Incised alluvial terraces with a relatively uniform channel spacing are commonly found throughout the western United States. The characteristic spacing of low-order channels on these surfaces generally increases as the height of the surface increases with respect to base level. We measure the characteristic spacing of channels in parallel drainage networks on incised alluvial terraces and unconsolidated fill deposits in several locations throughout the western U.S. where incision is the result of a quantifiable change in base-level elevation. Mean channel spacing on terraces subjected to small amounts of base-level drop (e.g 20 m) can be more than three times smaller than that typically observed on terraces subjected to larger amounts (e.g. 100 m) of base-level drop. The relationship between the magnitude of base-level drop and mean channel spacing is further examined by using a numerical model. Numerical experiments suggest that the observed relationship between relief and channel spacing is the result of feedbacks between the depth of channel incision, mass wasting, and nonlinear increases in the rate of colluvial sediment transport on steep hillslopes that lead to valley widening. In extremely high relief cases, valley side slopes may lengthen sufficiently to support the formation of first order, tributary valleys, leading to the development of a trellis-like drainage system. The rapid widening of valley side-slopes can prevent the growth of adjacent, ephemeral channels and promote a greater mean channel spacing. Model results offer additional insight into the response of landscapes to rapid base-level fall and provide a preliminary basis for understanding how various amounts of base-level drop influence channel network morphology.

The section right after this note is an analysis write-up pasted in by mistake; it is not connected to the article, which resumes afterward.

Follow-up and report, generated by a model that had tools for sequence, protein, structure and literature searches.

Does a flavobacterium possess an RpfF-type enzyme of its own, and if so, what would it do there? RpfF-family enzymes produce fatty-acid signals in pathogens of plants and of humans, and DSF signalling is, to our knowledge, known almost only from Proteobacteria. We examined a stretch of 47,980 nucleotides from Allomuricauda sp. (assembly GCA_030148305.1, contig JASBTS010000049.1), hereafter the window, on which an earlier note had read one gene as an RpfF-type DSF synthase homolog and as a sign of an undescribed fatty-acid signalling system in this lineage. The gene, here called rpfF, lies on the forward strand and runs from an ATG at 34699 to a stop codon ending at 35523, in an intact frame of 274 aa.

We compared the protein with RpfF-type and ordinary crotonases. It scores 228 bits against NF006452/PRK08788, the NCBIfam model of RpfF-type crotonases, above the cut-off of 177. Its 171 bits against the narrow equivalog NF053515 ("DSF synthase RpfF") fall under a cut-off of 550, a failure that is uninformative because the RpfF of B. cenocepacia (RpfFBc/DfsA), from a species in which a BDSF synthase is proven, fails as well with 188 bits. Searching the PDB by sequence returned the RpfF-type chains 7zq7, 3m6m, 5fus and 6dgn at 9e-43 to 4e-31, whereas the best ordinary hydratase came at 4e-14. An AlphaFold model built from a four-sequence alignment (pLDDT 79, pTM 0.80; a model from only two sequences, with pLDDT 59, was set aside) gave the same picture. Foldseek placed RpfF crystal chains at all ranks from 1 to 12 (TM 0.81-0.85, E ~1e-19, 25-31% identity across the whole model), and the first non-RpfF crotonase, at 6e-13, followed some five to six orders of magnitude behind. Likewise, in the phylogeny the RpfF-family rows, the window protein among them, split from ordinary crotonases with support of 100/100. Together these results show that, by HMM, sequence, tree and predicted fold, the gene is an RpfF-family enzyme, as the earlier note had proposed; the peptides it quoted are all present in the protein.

McGuire L. and Pelletier J. (2014): Controls on the Mean Spacing of Channels on Incised Alluvial Terraces in the Western US. Abstract EP33B-3643 presented at 2014 Fall Meeting, AGU, San Francisco, CA, 15-19 Dec..